As individuals with differing backgrounds, he says, the two enjoyed great mutual trust. Both were creatures of colonialism and products of British education. They spoke and wrote immaculate English — Menon, only English. But they fought colonialism and the British rule.
Their detractors accused them of being ‘Westernized’, while the West distrusted the two socialists. Menon was a bigger target, considered close to the British Communist Party, the only British group that espoused India’s independence.
Was Menon, then, Nehru’s alter ego? No, Ramesh insists. He was Nehru’s “shock-absorber.” This is as sympathetic as people have been decades after the two have gone, leaving behind a flawed legacy.
They are, however, viewed differently. Menon never recovered from 1962 – he never defended himself. Nehru died a broken man 18 months later, but partly thanks to his daughter and grandson ruling for long years, remains the most iconic figure of post-independence India. Today’s rulers, however, demonize him.
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Post-independence, Menon’s persuasion of Nehru led to India joining the British Commonwealth and play a leading role in the forging of the Non-Aligned Movement (NAM). Strangely, one was considered an anti-communist front of former British colonies while India’s NAM advocacy pushed it close to the Soviet-led Bloc. In this century, India pays only lip service to the NAM and is lukewarm to the Commonwealth.
Menon’s role was not all evil. In the 1950s, a newly-independent India “got a much higher profile than its might and punched well above its weight”, taking initiatives to resolve the crises in Korea, Cyprus, Vietnam, the Suez, Indonesia and West Asia. Menon conferred with some of the most prominent figures of the mid-20th century – Nasser, Tito, Fidel Castro, Chou En Lai and Ho Chi Minh. John Kennedy, however, didn’t like him. Time magazine that never had a kind word for him, called him “India’s tea-fed tiger.”
Ramesh records how Menon, a bachelor, charmed women of the British elite. While many admired him, Pamela Mountbatten found him “most cynical.”
Menon’s role in the domestic affairs was significant, Ramesh says, citing his little-known contribution to the merger of princely India along with V P Menon.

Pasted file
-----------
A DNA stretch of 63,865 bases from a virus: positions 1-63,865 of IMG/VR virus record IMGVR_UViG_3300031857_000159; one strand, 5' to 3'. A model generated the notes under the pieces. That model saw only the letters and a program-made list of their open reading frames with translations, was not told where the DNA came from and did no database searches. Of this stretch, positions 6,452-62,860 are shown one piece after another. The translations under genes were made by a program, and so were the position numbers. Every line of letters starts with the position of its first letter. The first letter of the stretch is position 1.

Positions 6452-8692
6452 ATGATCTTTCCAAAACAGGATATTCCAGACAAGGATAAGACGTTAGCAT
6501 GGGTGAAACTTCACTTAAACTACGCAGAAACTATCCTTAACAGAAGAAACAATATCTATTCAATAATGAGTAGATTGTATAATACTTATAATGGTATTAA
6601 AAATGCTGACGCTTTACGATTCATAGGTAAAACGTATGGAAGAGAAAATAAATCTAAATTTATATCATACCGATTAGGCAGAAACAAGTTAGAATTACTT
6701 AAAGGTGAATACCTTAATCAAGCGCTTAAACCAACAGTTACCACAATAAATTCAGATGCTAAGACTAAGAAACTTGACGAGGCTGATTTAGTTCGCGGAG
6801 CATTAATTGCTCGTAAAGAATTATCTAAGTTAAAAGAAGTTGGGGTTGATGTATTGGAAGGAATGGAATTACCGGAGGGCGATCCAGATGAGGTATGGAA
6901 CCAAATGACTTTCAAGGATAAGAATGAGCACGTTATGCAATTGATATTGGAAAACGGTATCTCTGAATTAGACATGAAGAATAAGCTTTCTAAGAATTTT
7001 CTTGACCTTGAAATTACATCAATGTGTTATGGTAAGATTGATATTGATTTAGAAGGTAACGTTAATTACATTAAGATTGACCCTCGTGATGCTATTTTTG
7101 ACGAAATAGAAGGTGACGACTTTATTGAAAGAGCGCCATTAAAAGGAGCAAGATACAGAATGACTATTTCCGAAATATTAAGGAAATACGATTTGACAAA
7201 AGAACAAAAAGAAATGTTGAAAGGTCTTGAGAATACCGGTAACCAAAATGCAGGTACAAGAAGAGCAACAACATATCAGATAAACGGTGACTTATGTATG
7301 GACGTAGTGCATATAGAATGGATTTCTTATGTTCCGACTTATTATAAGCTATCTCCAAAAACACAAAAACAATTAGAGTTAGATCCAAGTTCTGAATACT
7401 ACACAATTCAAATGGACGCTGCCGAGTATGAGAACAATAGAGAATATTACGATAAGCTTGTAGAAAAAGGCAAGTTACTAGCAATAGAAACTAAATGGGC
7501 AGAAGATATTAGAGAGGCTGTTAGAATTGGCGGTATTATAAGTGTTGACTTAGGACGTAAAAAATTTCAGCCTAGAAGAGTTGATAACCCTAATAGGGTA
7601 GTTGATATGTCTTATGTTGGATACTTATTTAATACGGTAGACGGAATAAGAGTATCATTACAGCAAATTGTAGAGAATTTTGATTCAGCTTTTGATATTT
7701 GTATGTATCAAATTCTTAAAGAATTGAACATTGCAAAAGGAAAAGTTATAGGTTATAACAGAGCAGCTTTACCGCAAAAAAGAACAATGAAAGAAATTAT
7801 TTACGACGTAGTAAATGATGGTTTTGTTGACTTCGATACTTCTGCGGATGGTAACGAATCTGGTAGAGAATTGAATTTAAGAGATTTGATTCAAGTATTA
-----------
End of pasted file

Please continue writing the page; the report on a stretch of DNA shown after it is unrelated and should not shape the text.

Menon had drafted the Preamble to the Constitution with terms ‘secular’ and ‘socialist’. But Nehru, heading an all-party government that had Syama Prasad Mookerjee of the Hindu Maha Sabha, saw no consensus on them. He asked Menon to “go easy”. Inserted only in 1976, in the 42nd amendment, they are part of the Preamble currently being recited across the country by those protesting the Citizenship (Amendment) Act. But a consensus eludes even today.
Post-Nehru, the Congress shunned Menon. Although Indira Gandhi regarded him, it declined him party nomination. Menon fought elections as an independent – lost twice, won once.
Times have drastically changed. Shiv Sena denigrated all South Indians in Mumbai as ‘outsiders’ during an aggressive election campaign that felled Menon in 1967. Till then, Menon, a Keralite, would address large crowds, in English, at Mumbai’s iconic Shivaji Park. The present-day Maharashtrian, with Sena in power, cannot even imagine this.
In his last days, Menon remained sought-after. The BBC correspondent assigned to report the 1971 India-Pakistan conflict in the Sindh-Rajasthan theatre began by interviewing Krishna Menon. “You cannot conceive of a war in South Asia without that,” he told me.
Little is known about Menon’s love for the young. Students in the 1960s heard him in awe, over endless cups of tea. As one among them, I found it was difficult to keep pace on either tea or talk. He was, as Ramesh records, a humanist.
The writer can be reached at firstname.lastname@example.org